The Seven Habits of Highly Successful (and YOUNG) HR Pros

Meredith Soleau Good HR, Leadership, Meredith Soleau, Organizational Development

I hear it all the time, “We’d be so screwed if we had a normal HR person. I’m so happy we have you.”

Not really. You’d just be screwed if you had someone who wasn’t a real person, trying to manage real people.

I’ve worked my way up through this company from an HR Assistant to the HR Director, I’ve traveled around and spoke to large audiences about HR, and I’ve been recruited by companies that would blow your mind. I’ve done all of this, and I am only 33-years-old.

I’m not being braggy. I just want to tell you what I’m doing is different. Seriously, you can roll your eyes at me, and say you’ve heard this all before, and that you’re different, too. But, maybe, just maybe, one of the things will help you get ahead in your career or get that raise you deserve!

So I’ve asked around the company, and this was the feedback I received about why I am different than other HR Pros.

1. Don’t be a sucky person.

Hey, Meredith! What did you do over the weekend?

Oh my gosh. We had so much fun! Shaun and I went to Chicago and partied like rock stars! Have you ever tried an Irish Car Bomb shot?

That? Probably isn’t the water cooler conversation you’re having with your staff.

Why aren’t you like this? Why aren’t you being real with them? Are you too good to admit that you, too, like to let your hair down once in a while? Why are afraid to say it? Are you better than your employees?

Because when you act like a prude, you come off like you’re better than everyone. And that’s a fact.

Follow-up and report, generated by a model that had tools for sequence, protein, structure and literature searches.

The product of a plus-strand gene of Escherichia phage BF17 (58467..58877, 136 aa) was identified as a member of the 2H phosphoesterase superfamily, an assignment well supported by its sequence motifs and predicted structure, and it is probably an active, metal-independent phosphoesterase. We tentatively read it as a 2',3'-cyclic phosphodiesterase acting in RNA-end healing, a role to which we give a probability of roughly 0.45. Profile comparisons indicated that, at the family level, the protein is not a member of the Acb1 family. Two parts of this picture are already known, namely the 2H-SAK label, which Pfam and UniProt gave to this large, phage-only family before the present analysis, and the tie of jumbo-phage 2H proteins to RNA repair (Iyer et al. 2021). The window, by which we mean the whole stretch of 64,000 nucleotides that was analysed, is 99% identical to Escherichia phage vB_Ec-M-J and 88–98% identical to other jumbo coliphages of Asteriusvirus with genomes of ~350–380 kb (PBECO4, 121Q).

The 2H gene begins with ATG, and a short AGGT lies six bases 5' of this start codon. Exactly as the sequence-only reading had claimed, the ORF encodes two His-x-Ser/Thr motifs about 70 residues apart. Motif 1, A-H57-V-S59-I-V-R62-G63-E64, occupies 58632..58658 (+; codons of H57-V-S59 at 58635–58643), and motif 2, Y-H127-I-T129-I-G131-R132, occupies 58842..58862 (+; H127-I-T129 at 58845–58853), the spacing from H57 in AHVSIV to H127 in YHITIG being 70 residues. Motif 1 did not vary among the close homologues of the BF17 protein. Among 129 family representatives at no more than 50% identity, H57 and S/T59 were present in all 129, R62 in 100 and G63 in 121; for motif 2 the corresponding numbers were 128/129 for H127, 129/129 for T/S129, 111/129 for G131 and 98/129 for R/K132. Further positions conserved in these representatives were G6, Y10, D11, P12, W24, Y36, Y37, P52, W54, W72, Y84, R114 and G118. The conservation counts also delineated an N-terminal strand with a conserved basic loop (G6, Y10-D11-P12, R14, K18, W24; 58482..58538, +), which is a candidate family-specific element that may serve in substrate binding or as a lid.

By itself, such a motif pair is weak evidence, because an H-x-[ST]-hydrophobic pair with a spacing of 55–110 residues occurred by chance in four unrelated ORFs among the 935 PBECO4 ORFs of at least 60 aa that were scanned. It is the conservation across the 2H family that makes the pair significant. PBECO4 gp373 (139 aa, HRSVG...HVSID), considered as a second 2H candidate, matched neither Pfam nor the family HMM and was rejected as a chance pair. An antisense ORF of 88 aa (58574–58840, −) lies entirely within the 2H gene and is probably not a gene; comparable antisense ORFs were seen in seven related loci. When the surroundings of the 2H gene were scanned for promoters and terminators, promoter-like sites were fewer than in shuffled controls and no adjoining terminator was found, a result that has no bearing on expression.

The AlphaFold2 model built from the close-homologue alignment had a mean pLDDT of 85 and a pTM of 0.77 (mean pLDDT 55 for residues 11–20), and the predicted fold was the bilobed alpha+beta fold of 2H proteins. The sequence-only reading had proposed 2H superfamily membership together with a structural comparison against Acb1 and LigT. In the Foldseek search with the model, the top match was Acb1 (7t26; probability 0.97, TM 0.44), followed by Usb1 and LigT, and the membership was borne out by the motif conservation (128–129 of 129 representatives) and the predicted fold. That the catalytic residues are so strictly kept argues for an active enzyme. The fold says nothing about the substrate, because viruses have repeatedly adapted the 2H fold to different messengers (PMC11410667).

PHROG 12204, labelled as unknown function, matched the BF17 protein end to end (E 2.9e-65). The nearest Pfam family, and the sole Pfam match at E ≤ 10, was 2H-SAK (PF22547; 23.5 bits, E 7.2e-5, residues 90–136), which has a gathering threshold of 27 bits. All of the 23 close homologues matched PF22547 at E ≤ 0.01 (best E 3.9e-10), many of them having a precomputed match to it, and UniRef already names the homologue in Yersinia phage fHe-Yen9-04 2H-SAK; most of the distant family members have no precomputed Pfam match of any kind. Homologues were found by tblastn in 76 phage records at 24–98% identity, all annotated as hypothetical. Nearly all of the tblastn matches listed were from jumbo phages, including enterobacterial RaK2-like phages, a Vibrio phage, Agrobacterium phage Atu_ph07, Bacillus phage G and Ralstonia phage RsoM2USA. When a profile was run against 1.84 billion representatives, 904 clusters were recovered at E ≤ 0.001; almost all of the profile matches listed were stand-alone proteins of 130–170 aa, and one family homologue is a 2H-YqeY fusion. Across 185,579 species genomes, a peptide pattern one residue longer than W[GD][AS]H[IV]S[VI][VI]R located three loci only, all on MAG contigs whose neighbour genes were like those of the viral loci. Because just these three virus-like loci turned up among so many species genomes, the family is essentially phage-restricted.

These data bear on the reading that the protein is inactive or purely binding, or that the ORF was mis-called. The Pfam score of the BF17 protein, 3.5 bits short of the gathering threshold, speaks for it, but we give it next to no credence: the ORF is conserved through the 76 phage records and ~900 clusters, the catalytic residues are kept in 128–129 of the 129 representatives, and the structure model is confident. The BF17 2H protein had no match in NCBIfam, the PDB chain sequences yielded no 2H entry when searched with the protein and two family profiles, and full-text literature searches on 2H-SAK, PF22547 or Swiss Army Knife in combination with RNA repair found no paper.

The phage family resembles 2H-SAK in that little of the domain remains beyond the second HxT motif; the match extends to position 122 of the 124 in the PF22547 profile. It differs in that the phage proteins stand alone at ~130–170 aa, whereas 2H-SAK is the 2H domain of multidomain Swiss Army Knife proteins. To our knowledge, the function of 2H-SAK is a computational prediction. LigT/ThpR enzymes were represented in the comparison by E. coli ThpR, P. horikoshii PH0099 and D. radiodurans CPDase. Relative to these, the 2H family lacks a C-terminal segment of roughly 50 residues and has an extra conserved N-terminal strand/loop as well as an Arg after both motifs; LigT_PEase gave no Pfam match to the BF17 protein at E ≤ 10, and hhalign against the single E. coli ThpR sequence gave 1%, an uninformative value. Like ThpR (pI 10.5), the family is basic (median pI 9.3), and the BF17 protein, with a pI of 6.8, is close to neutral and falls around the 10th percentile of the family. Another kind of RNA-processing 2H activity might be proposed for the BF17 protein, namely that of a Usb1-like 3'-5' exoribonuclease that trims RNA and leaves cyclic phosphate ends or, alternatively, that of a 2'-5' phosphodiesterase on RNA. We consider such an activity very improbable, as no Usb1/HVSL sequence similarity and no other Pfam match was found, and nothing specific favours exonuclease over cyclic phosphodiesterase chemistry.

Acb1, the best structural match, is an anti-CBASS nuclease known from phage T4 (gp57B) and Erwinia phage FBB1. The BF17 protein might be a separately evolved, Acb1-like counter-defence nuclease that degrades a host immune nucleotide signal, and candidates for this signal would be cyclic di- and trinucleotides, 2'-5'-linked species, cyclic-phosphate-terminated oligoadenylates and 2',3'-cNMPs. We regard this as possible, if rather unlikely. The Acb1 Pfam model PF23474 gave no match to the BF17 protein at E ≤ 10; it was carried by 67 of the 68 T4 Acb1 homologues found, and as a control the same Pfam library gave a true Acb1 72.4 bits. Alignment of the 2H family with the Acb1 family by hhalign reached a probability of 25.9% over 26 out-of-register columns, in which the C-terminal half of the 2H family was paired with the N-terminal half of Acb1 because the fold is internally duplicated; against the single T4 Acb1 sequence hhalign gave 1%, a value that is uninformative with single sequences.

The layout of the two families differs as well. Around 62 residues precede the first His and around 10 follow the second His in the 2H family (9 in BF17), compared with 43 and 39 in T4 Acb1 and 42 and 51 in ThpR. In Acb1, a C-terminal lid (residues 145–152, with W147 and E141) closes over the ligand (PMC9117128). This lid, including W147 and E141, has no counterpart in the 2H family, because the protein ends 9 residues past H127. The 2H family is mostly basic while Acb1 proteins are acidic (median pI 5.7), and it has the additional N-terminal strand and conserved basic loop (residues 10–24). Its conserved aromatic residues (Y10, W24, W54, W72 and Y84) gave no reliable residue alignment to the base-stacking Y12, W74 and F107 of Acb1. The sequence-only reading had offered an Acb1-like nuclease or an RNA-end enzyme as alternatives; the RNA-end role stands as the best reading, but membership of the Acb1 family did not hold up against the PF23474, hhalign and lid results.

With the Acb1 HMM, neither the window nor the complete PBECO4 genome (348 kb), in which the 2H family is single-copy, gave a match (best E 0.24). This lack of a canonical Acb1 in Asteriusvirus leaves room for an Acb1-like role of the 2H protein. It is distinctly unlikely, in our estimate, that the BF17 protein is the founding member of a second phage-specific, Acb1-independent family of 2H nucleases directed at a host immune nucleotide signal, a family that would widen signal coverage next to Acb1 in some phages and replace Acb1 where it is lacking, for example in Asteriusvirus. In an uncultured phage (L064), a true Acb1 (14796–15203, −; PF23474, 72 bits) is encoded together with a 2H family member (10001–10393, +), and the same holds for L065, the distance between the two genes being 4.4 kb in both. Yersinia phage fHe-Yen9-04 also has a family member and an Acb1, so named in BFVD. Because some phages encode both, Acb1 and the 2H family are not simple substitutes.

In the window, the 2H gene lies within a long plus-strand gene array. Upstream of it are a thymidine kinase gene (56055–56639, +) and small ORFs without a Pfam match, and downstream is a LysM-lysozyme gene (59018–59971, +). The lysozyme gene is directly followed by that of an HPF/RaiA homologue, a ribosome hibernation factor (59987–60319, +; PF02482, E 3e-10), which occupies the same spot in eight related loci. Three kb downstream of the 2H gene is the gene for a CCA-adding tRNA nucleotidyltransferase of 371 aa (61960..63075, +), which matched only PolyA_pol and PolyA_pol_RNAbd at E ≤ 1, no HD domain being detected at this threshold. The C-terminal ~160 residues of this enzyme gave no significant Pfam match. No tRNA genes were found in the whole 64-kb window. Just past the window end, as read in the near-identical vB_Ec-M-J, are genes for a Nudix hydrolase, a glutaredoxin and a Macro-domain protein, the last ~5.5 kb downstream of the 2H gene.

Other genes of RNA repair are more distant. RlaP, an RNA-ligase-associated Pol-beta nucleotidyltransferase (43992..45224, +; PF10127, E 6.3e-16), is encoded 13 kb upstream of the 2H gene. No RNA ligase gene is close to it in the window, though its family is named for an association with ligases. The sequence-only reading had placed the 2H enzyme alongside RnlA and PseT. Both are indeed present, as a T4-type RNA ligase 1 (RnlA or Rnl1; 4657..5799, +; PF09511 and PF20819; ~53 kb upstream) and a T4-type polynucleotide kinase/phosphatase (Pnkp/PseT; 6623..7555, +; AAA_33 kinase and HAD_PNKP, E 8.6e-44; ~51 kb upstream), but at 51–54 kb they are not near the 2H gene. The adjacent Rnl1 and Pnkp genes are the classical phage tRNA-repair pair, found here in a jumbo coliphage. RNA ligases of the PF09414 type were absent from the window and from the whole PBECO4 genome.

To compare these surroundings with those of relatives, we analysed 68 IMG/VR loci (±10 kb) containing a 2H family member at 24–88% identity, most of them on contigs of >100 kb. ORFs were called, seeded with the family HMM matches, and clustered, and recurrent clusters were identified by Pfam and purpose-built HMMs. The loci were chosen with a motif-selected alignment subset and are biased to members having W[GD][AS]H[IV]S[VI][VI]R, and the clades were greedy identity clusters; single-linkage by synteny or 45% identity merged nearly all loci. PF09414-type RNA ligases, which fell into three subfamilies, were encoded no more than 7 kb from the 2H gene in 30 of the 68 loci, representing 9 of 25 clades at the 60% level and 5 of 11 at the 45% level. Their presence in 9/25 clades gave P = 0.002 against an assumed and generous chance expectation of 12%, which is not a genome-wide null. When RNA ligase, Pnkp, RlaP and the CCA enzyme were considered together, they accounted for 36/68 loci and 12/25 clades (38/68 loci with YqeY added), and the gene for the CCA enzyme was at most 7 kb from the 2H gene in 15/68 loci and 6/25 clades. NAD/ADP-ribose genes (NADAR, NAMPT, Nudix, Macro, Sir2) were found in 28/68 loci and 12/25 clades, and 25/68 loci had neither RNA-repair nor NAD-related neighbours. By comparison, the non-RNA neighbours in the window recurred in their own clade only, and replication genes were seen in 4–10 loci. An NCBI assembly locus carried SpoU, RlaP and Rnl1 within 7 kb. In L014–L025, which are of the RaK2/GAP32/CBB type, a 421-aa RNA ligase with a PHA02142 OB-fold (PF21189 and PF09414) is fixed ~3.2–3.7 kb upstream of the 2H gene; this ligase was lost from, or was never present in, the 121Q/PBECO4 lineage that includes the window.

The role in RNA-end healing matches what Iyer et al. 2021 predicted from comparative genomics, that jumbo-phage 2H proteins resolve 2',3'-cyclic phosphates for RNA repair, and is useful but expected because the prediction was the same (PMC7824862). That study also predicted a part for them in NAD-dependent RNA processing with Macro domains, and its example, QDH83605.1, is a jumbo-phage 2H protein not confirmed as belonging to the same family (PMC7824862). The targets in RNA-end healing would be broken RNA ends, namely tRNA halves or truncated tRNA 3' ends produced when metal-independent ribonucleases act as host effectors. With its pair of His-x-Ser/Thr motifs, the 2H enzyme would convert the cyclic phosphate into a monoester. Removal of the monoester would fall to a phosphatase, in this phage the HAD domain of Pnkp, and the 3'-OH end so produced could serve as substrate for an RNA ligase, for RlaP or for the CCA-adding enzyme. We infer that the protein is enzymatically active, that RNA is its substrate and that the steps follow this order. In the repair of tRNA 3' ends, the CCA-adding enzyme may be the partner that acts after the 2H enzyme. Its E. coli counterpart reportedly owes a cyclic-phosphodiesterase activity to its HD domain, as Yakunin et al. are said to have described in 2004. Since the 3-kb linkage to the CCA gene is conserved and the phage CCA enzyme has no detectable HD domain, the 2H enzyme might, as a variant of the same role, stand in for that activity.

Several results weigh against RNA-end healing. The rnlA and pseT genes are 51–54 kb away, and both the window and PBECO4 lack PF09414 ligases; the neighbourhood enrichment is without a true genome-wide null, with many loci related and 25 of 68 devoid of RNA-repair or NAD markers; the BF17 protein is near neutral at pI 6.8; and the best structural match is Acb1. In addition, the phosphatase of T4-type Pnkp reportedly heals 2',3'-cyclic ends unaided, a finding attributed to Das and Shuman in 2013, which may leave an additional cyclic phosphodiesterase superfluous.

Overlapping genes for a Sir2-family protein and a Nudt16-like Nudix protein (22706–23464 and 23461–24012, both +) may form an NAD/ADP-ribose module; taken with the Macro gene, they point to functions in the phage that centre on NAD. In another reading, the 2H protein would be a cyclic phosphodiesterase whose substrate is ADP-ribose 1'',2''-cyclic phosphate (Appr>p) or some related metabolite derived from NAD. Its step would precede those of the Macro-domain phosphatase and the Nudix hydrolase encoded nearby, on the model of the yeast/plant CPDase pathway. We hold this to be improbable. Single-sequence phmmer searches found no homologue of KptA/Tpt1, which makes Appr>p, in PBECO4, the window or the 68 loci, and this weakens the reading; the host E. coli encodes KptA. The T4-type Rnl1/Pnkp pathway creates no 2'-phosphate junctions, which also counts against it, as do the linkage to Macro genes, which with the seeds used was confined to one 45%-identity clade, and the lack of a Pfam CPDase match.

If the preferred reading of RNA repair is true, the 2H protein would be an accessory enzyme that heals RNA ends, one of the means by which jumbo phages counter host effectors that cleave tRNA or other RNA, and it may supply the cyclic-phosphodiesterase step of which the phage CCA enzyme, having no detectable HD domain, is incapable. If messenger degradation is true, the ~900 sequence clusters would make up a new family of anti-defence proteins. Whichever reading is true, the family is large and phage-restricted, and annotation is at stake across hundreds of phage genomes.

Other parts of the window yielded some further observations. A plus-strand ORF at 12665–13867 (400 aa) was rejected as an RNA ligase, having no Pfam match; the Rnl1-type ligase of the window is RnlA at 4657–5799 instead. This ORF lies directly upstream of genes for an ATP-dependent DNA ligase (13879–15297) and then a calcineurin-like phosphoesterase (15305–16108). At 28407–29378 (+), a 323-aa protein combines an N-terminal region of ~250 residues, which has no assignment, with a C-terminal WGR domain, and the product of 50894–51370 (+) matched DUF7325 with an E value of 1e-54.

Is your position in your company somehow better than theirs? If you say, “Yes!” to that question, please call me right now so I can tell you why you’re a sucky person. My cell phone number is (419) 266-0966.

2. Look the part.

OMG. I see so many frumpy HR Pros.

Stop it. Stop it right now.

It sucks, but this is a shallow society. So you cannot keep wearing that sweater with fuzz balls all over it. You will never be promoted if people overlook you because you’re blending in. So dress like the job you’d like. Each culture is different. So if it’s jeans at your work – you wear jeans with the best shoes ever. If it’s business attire – you wear a suit.

Ladies, you put on make-up. Men, you stop wearing white socks with dress shoes. And everyone needs to iron their clothes. Ain’t nobody got time for people who look like they just rolled out of bed!

3. Move mountains for them. All of them. You move all the mountains for all of them.

I know how we love to enforce all of the rules in HR. But sometimes, people have a special circumstance. Sometimes there is a grey area. Sometimes you do things for your people that neither of you ever discuss again.

What are you doing with an ex-employee who ran out of COBRA, is too sick to work, and is still waiting for his Social Security hearing? How can you legally get rid of that woman-over-forty-who-no-one-likes?

Finding the answers to the hardest questions set you apart.

When you find ways to be creative and get the REAL job at hand done, and you stop telling people, “That’s impossible,” you become beyond valuable to your people, your managers, and your CEO.

4. Promote from within.

Nothing gives people more hope than the hope of a better opportunity. Create better opportunities for them. It is your JOB.

When I began at the dealership, our turnover rate was 66%. SIXTY-SIX.

To stop this, I began promoting from within. This suddenly became a place you wanted to work. No longer do the employees worry that they will wind up with a manager who doesn’t understand our culture (and fires them all to bring in his own staff).